End Of The Arab Spring?: Tunisian President Passes Authoritarian Constitutional Referendum

On July 25th, Tunisian president Kais Saied’s assault on his country’s democracy culminated in a controversial constitutional referendum. Occurring almost exactly a year after the “coup” in which the Saied sacked Parliament and began ruling by decree, the referendum for a new constitution, along with its severe dilution of checks on presidential powers, appears to have passed.

The new constitution contains similar rights clauses as its predecessor, but banishes parliament to a secondary role in governance and grants the president expanded powers, including the ability to appoint the prime minister. No minimum level of participation was required for the referendum to pass, and voters had less than four weeks to consider the text before casting their ballots.

Saied’s supporters celebrated the referendum’s passage in the street. Saied himself sees the new constitution as the “foundation of a new republic.” But even those who have voted “yes” appear to be divided. Where some are heralding the vote as a chance to “save the country from corruption and failure,” as one man told Reuters, others, such as 37-year-old waiter Ziad Raghouani, see it merely as the only remaining option to ameliorate the country’s political and economic crisis.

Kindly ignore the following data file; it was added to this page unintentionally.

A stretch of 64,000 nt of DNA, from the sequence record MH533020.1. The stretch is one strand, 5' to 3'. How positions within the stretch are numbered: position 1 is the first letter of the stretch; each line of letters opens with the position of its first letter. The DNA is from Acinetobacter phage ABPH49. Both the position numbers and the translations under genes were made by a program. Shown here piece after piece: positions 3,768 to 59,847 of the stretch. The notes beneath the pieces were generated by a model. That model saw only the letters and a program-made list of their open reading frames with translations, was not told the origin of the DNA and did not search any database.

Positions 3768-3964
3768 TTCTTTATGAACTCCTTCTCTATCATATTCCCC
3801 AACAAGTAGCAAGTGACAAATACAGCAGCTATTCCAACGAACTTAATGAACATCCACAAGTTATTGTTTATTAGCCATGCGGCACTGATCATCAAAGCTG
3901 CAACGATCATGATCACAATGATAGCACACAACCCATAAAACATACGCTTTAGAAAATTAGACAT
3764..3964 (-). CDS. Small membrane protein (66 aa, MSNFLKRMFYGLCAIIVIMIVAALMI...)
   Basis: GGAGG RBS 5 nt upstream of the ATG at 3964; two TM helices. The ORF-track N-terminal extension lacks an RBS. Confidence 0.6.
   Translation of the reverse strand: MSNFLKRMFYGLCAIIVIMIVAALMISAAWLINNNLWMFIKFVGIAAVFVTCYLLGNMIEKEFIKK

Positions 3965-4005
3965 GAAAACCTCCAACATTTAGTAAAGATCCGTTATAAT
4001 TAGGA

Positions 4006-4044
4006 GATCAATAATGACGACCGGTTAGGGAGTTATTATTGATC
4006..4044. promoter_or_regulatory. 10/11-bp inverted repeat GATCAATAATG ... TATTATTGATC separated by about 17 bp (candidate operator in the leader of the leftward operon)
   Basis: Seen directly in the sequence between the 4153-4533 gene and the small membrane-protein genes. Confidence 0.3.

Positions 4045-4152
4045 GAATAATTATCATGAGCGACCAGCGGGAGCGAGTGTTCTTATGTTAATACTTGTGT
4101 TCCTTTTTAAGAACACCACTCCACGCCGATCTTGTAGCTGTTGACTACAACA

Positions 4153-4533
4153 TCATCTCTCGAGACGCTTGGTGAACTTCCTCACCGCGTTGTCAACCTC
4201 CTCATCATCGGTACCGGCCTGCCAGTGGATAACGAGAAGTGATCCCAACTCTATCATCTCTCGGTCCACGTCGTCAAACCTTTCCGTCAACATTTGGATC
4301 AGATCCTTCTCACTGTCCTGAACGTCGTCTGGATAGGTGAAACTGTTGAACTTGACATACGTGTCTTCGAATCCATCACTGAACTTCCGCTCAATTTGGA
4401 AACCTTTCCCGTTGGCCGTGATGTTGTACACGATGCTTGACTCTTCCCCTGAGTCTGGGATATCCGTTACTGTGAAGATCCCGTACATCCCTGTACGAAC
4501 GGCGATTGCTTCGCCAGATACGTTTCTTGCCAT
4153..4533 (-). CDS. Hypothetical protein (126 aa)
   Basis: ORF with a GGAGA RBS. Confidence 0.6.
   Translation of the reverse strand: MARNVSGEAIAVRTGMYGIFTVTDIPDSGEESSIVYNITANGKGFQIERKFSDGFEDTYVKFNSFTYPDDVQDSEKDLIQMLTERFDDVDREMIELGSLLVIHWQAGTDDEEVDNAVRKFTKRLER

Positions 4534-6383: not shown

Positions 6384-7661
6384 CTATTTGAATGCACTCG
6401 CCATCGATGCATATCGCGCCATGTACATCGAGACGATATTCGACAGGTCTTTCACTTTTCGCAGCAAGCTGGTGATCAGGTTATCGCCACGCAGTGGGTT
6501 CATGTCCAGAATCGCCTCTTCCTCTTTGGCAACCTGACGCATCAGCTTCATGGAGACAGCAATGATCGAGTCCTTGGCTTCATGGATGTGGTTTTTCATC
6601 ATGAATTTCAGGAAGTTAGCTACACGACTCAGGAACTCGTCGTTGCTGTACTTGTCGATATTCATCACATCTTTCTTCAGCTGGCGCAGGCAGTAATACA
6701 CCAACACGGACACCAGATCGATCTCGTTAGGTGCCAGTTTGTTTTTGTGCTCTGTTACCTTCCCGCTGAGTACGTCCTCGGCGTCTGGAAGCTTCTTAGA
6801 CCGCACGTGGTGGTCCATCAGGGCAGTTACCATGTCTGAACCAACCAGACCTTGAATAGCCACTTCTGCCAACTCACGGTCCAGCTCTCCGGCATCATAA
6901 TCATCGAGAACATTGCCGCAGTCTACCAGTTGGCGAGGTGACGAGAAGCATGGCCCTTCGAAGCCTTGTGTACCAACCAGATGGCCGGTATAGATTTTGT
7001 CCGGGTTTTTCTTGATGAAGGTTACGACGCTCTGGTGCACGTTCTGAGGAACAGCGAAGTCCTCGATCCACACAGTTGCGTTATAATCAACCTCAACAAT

“Everything is expensive, the cost of living is extremely high and you can’t provide for a family. I want a solution for this situation that is keeping us from living,” Raghouani told the New York Times.

This final nail in the coffin of the Arab Spring did not come about out of an antipathy toward democracy. Rather, it is a result of severe economic hardship, frustration with parliamentary deadlock and political fatigue surrounding polarization and corruption.

The situation is setting alarm bells clamoring in the minds of international democracy advocates and scholars. Monica Marks, an assistant professor of Middle Eastern politics and Tunisia expert at New York University, Abu Dhabi, cites a conversation over coffee with 39-year-old Zouhair Khlefi: “We [Tunisians] are sleepwalking back to the dark old days,” Khlefi told her. “I want to shake people awake, but I can’t. They’re too hungry, they’re too tired, and they’re too forgetful of how precious our revolution was.”